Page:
In Full

Culture in Full

Botanic Garden told to rethink after Inverleith House closure

The Royal Botanic Garden in Edinburgh has been urged by experts to overhaul its entire approach to the arts after the controversial closure of its long-running gallery.

VisitScotland's new Harry Potter campaign has been launched ahead of the 20th anniversary of the first novel on Monday.

Harry Potter holiday itinerary unveiled ahead of 20th anniversary

Scottish tourism chiefs have unveiled their first Harry Potter holiday itinerary to coincide with the 20th anniversary of JK Rowling’s famous creation.

Donald Iain Brown, chair of M�d Ghlaschu 2019, is joined by school children from Gaelic School Glasgow to unveil the new logo for the festival. Picture: John Devlin/TSPL

Mod festival returns to Glasgow for first time in 30 years

Glasgow is set to celebrate the Gaelic community as a festival takes place in the city for the first time in nearly 30 years.

The finale of the Edinburgh International Festival will be staged in two parts in August - the first without any fireworks.

Shake-up revealed for Edinburgh International Festival fireworks finale

The grand finale of the Edinburgh International Festival is to be extended by around 20 minutes - for a special musical sequence unaccompanied by fireworks.
Edinburgh festivals
Tom McCarthy

Book review: Typewriters, Bombs, Jellyfish: Essays, by Tom McCarthy

Tom McCarthy is one of the few novelists whom I would not just describe as good, but significant. He is a game-changer, rather than someone playing the game. This collection of 15 essays offers an insight into his various concerns and complexities. It is about flickering signals and what systems leave behind (detritus is a major theme), about the difficult legacy of the 20th century and the possibilities still to be gleaned, about how there might yet be the possibility of radicalism in both aesthetics and politics.

Scottish historian and writer William Dalrymple at his farm house in New Delhi. PIC: CHANDAN KHANNA/AFP/Getty Images

William Dalrymple on the Koh-i-Noor diamond, colonialism and Brexit

On 29 March 1849, the ten-year year-old Maharaja of the Punjab, Duleep Singh, was ushered into the magnificent Shish Mahal, the Mirrored Hall throne room at the centre of the great Fort of Lahore. The boy’s father, Maharaja Ranjit Singh, was long dead, and his mother, Rani Jindan, had been forcibly removed and incarcerated in a palace outside the city. Now Duleep Singh found himself surrounded by a group of grave-looking men wearing red coats and plumed hats, who talked among themselves in an unfamiliar language. In the terrors of the minutes that followed, the frightened but dignified child finally yielded to months of pressure. In a public ceremony in front of what was left of the nobility of his court, he signed a formal Act of Submission. Within minutes, the flag of the Sikh Khalsa was lowered and the Union flag run up above the Fort.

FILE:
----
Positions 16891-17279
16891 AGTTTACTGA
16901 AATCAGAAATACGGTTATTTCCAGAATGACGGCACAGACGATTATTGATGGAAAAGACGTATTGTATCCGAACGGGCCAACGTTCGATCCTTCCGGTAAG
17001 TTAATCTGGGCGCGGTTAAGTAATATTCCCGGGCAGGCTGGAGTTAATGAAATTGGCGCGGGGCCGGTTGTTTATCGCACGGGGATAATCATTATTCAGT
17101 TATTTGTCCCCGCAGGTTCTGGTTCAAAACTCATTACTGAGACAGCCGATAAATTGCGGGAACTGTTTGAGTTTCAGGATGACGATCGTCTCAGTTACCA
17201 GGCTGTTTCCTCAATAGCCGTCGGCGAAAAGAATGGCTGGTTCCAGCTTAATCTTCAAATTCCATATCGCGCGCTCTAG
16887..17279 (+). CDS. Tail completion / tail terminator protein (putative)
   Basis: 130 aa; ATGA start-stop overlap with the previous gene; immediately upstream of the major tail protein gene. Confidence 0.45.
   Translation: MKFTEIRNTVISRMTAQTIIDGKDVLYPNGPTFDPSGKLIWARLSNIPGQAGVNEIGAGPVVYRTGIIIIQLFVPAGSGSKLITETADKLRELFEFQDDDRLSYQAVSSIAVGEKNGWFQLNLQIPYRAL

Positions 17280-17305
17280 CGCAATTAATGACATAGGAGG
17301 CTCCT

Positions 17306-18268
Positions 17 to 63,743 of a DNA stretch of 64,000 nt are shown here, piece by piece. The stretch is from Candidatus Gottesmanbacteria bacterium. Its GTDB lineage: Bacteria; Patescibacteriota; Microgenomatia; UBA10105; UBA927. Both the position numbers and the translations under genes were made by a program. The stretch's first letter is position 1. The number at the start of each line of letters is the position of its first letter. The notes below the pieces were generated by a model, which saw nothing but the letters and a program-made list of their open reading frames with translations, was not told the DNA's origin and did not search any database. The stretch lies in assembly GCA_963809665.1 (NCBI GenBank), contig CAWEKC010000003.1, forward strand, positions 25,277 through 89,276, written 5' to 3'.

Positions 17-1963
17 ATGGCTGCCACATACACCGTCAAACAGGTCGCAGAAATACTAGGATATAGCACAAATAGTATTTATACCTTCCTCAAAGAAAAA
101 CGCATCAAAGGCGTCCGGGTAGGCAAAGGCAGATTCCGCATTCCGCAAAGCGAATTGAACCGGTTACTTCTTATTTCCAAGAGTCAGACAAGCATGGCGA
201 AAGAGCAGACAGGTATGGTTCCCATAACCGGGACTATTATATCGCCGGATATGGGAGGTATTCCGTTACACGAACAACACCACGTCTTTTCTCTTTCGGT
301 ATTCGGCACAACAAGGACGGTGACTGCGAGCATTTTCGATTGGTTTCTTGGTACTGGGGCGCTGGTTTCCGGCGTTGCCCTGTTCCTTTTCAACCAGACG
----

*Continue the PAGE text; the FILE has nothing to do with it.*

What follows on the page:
JK Rowling at a book signing session at the Assembly Halls in Edinburgh, 10 July 2000 PIC: David Moir

From the archives: The Scotsman reviews Harry Potter, 28 June 1997

On Monday 26 June 2017, it will be 20 exactly years since the publication of JK Rowling’s first Harry Potter book, Harry Potter and the Philosopher’s Stone. Here’s how The Scotsman reacted to the story of the boy wizard...

Books 3
The Book of Henry dubiously exploits tragedy for cheap emotional pay offs.

Film reviews: The Book of Henry | Hampstead | Souvenir

It is difficult to know where to start with The Book of Henry, a film so satisfied with its own toxic levels of quirkiness that all involved seem oblivious to how deranged it actually is. Revolving around a child genius who devises an elaborate plan to kill his next door neighbour, this description barely scratches the surface of a plot that includes child abuse, terminal illness, comedy alcoholism, a cutesy school talent show, improbably elaborate tree house construction and a single mother being trained in the art of assassination by her dead son. If this sounds in any way intriguing, then please pause for a second, re-read the previous sentence and imagine how one might go about weaving such tonally disparate story strands into a coherent movie. If you think you have an idea, then congratulations: you’re doing better than Jurassic World’s Colin Trevorrow, who throws everything together into a sugary concoction that’s about as appetising as the peanut butter and breakfast cereal sandwiches Naomi Watts’ character makes for her kids.

Ewan Bremner attended the opening film. Pictures: Ian Georgeson

Stars on red carpet as Edinburgh film festival launches